Copyright Licensing for Open Access

Copyright Licensing for Open
Professor Brian Fitzgerald
QUT Law Faculty
OAK Law Project Leader
• Journal Articles
• Electronic Theses
• Public Sector Information (PSI) or
Government Materials
• Australian Creative Archive
• Data Management, Access and Reuse
• Education (Schools)
• Standards
Open Access will not happen by default
Needs to be facilitated
Institutional Engagement
Technical and Legal Framework
Education and support
Copyright [and Patent] is a key variable
Public Sector Institution
External Expertise
• Manage copyright for open access
• Put in place policy and systems that
provide OA - [mandates]
• The role of the actors – such as
authors/creators, institutions (including
funders), industry, research community,
end users
• Licensing is part of the strategy
Copyright Basics
• Exclusive economic rights of copyright
owner to (amongst other things) reproduce
and communicate to the public
• Moral rights of the author
• Permission needed to do acts that come
within exclusive rights of copyright owner
• Unless a permission is found elsewhere –
e.g fair dealing, other exceptions, statutory
Copyright Owner
• Who is the copyright owner?
• Starting point - person who created
copyright – but that person may have
assigned copyright “in writing” to another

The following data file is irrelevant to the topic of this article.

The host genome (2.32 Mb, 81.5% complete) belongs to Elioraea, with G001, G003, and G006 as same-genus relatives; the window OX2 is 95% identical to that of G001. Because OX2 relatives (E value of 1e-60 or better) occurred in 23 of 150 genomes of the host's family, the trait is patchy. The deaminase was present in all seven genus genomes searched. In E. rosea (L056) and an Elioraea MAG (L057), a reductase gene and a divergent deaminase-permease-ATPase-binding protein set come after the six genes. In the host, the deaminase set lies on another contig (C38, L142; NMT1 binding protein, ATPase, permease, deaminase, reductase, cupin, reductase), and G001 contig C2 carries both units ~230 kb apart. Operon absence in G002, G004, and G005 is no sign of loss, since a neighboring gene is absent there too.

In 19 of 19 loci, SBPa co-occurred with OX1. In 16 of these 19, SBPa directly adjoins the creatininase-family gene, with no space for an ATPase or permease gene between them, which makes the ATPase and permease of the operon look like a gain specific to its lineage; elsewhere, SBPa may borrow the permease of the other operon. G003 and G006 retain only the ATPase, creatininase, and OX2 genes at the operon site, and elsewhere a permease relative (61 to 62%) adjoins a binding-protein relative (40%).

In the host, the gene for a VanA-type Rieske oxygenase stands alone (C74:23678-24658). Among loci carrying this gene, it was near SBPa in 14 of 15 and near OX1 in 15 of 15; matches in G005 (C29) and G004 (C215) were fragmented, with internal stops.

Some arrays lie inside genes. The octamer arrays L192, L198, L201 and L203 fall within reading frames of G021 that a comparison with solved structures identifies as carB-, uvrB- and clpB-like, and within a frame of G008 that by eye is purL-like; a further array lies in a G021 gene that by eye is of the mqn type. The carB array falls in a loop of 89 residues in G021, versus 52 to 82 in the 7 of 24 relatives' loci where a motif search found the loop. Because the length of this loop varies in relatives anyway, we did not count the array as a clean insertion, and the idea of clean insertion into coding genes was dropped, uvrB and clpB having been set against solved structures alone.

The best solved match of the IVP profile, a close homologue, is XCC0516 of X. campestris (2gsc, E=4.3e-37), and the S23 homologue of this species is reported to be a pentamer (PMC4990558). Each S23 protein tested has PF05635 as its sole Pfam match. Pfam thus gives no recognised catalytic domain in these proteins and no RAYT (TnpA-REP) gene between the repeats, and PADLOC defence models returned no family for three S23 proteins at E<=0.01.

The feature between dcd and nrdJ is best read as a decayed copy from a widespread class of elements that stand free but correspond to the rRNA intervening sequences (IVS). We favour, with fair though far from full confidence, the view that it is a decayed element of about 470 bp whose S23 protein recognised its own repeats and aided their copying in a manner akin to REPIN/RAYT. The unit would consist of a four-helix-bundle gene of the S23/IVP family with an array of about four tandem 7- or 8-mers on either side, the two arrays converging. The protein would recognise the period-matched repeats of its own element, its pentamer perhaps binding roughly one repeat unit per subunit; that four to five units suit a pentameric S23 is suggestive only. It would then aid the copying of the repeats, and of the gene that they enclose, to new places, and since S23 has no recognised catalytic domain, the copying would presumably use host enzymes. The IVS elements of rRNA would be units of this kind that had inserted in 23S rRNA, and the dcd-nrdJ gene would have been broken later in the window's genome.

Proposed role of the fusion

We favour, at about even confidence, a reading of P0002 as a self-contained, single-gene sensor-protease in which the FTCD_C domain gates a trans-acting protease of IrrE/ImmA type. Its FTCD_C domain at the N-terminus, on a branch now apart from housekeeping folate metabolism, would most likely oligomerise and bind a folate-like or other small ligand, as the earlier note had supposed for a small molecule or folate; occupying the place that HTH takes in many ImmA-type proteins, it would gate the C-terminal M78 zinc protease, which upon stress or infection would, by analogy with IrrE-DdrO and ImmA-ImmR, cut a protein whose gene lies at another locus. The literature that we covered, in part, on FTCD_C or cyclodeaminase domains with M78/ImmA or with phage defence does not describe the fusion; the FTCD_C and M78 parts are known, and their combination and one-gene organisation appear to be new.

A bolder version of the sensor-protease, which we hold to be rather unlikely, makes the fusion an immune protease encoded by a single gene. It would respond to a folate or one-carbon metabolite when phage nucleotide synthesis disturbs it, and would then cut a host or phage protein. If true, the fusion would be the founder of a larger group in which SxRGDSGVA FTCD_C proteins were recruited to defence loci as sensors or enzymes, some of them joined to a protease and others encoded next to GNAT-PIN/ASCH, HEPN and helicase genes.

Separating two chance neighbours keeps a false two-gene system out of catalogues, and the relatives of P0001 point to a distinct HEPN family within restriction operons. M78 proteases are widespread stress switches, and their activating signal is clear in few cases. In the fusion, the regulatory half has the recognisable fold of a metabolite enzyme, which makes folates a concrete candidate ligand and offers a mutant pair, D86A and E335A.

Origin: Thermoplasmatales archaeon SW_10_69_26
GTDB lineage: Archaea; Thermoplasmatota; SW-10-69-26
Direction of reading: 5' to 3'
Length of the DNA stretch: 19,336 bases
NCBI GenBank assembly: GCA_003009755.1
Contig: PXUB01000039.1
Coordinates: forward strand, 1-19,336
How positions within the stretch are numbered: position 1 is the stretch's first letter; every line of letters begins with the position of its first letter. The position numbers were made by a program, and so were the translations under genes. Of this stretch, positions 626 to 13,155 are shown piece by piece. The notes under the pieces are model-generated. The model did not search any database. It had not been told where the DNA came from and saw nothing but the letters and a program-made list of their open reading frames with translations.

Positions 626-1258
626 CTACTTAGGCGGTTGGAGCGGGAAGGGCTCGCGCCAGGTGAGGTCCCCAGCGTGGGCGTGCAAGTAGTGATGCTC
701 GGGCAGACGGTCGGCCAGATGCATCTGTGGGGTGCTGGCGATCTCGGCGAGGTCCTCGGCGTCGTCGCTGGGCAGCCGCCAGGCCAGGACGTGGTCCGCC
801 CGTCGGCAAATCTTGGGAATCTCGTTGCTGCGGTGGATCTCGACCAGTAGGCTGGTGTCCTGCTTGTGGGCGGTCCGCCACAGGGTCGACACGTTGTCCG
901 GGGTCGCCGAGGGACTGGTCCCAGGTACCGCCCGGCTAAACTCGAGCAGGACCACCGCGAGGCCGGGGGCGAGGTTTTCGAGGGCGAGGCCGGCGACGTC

• Exception to this rule – if copyright is
created in the course of employment –
then the employer owns copyright
• A licence is a permission from the
copyright owner to do acts that fall within
the ambit of the exclusive economic rights
• It may be:
- exclusive: the licensee only allowed
- sole: licensee plus CR owner allowed
- non exclusive: others can be given
similar or other permissions
Publishing Agreements
Publishing Agreement I
• An academic employed by a university
writes an article – are they funded by a
grant? Research only – is it in the course
of employment – what does the IP policy
• A researcher employed by a government
department or independent research
institute – writes an article in the course of
their employment?
Publishing Agreement II
• Author/s assigns copyright to the publisher
– in return for profile and status - rarely
monetary reward
• The publisher is now the copyright owner?
• Did the author have the copyright to
assign in the first place?